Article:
I used to run a bus company but in retirement am a full time passenger travelling all over Britain enjoying its splendid scenic delights by bus and train. Currently social distancing at home.

19 thoughts on “The Heart of Wales Leave a comment

  1. I wonder if it is just me that finds the juxtaposition of your description of Sugar Loaf being “on the A483” with its accompanying picture showing a distinctly non-A road type of road, rather amusing!?

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  2. Very interesting. My great grandfather was a platelayer on this route from its’ inception initially at Garth Station where my grandfather was born in Station House in 1871. For a while they lived at the Railway Cottages at Sugar Loaf and it was whilst based here in the late 1870’s that there was a very bad winter and he suffered badly from exposure to the cold which severely hampered his future life. My grandfather went on to spend much of his working life on the line finishing as a Goods Conveyancer at Swansea and his brother was Station Master at Bucknell for quite a long period.

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  3. The removal of ‘Wells’ in their names is an attempt to standardise the Welsh name & English names for the stations. The towns names in Welsh are simply Llanwrtyd & Llandrindod. The Wells suffix was added (as was so many) in attempts to gain tourists in the 1800s.

    Whilst Tunbridge might not be seen without its Wells I do find it odd that the stations still refer to themselves as Bath Spa & Cheltenham Spa.

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  4. Off Peak Return (8A restriction = no time restriction) is valid for a month for the return, that’s why its more expensive than the Anytime *Day* Return.

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    • Although that is obviously the reason for the difference in price, I’ve never seen the logic in charging less if you come back the same day. Car drivers pay the same for their journey whether they come back the same day or not, and it is not costing the train company any more if you travel back a different day. Other European countries I’ve travelled in, also charge the same.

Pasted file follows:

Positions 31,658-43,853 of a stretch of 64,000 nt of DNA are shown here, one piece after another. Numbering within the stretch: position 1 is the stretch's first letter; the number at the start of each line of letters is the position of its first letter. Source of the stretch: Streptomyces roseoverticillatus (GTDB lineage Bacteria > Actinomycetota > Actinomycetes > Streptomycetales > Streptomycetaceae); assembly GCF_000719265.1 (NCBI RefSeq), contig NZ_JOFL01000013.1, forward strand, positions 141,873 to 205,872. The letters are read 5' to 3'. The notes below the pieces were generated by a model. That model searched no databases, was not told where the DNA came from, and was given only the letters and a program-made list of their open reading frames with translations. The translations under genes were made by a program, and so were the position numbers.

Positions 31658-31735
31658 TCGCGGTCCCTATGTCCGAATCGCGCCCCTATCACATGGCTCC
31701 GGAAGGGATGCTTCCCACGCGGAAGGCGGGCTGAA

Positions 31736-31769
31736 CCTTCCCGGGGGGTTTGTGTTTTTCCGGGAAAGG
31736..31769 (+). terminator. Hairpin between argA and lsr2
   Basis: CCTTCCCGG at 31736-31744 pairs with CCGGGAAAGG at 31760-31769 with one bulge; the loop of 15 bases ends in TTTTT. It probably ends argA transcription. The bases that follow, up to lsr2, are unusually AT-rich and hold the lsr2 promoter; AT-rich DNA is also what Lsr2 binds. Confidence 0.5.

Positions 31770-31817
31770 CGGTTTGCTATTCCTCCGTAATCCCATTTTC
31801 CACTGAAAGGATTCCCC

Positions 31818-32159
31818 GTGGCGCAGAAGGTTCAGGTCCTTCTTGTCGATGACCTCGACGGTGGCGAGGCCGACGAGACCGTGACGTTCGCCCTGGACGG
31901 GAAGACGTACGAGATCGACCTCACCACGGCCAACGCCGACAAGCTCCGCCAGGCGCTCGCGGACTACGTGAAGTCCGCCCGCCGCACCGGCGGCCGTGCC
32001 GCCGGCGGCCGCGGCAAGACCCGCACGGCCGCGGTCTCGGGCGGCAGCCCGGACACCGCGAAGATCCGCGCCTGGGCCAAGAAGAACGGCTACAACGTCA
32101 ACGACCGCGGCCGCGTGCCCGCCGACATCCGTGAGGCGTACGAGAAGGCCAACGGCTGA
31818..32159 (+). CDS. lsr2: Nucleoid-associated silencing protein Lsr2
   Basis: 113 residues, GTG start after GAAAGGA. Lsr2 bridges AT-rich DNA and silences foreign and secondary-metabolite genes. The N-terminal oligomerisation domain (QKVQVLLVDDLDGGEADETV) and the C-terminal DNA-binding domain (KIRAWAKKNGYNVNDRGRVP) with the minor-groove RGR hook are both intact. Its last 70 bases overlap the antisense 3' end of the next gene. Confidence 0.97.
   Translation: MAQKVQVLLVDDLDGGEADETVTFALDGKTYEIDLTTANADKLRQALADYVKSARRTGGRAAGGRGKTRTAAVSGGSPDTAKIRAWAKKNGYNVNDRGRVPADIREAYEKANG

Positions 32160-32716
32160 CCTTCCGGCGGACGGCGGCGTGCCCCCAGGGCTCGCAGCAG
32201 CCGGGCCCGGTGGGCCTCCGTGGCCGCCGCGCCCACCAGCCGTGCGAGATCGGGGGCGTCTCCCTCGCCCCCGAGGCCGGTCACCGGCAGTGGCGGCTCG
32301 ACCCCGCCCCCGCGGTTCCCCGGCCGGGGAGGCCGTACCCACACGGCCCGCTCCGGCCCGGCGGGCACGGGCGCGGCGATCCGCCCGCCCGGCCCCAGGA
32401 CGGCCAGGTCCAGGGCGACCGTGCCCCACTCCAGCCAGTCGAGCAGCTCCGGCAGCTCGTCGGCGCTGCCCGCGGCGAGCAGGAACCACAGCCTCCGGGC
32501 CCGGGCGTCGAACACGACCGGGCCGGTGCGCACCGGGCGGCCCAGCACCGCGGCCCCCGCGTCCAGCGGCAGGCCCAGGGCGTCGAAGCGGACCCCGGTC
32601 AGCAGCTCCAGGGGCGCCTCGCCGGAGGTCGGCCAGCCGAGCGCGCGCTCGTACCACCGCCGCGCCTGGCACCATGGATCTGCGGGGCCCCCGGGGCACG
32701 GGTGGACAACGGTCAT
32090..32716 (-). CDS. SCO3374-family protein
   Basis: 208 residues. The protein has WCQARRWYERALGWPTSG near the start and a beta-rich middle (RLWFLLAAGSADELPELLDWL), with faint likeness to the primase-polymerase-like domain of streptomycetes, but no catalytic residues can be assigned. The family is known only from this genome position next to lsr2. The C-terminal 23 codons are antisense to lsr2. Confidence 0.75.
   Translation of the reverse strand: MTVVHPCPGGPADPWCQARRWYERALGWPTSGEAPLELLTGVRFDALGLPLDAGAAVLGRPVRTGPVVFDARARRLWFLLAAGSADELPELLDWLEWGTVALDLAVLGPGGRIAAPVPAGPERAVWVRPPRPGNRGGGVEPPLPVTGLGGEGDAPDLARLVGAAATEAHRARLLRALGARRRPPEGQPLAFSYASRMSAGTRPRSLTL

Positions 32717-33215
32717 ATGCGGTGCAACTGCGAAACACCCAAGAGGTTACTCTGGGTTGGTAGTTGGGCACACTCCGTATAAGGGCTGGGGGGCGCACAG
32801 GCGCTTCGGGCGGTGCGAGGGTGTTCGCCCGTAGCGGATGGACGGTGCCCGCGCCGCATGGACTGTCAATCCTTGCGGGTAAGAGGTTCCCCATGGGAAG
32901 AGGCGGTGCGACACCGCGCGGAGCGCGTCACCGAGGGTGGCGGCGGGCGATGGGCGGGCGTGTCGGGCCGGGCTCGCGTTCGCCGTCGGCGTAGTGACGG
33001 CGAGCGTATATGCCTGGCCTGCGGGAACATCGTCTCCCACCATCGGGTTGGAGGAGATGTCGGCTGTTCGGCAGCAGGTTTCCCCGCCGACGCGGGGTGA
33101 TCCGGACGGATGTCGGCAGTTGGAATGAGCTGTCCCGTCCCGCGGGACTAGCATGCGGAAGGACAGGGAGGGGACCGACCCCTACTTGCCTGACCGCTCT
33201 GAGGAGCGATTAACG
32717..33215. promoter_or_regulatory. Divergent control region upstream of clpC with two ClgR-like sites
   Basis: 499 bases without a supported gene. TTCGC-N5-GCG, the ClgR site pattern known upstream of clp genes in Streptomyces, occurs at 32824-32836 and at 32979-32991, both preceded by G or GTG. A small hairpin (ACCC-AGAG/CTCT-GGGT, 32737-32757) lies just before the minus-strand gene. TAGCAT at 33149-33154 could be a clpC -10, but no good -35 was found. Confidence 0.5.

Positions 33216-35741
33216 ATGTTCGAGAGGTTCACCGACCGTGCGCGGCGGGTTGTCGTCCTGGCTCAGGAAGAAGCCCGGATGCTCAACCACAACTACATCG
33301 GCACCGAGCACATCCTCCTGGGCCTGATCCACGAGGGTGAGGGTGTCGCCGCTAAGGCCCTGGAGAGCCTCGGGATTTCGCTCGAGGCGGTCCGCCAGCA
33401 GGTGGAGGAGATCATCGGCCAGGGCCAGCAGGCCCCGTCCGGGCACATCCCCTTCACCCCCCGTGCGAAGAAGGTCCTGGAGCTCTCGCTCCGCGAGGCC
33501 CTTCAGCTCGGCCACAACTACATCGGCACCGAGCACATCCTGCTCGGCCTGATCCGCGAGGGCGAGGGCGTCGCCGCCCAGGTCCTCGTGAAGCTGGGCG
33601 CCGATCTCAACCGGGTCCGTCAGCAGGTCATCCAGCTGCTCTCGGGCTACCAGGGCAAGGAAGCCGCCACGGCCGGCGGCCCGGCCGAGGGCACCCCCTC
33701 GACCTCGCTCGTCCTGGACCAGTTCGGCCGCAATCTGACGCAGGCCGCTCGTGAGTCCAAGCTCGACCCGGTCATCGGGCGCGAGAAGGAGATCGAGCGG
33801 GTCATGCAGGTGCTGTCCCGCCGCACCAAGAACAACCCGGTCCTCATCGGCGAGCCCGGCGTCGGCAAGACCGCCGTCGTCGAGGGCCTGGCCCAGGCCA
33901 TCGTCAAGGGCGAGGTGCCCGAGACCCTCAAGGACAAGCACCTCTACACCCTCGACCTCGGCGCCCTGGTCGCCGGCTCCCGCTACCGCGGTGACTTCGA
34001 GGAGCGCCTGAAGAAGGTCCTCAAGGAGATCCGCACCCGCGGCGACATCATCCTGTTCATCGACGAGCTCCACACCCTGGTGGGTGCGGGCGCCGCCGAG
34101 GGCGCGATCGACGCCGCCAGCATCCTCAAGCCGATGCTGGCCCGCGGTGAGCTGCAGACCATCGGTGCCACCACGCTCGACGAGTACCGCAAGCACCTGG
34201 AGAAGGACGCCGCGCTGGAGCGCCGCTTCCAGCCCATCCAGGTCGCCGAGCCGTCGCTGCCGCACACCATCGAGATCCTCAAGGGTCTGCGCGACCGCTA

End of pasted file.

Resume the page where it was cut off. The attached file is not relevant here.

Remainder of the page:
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  5. Rode the line on a Heart Of Wales Round Robin some fifteen years ago, returning to Shrewsbury via Cardiff.

    Lovely line, though four hours on such basic trains are something of an endurance test!

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  6. Great post that brought back good memories. It’s been one of my favourite journeys ever since I travelled over it as a child, back when the class 120 units operated the services. One minor point about Dolau: it’s not a token exchange point, but I think the driver has to get out to operate the level crossing.
    The 153s were originally due to leave as TfW were going to use the 2 car 170s on the line. Sadly this is no longer happening and the 153s are staying for the foreseeable future. This is a real shame as I’ve always found the 153s to be cramped and uncomfortable.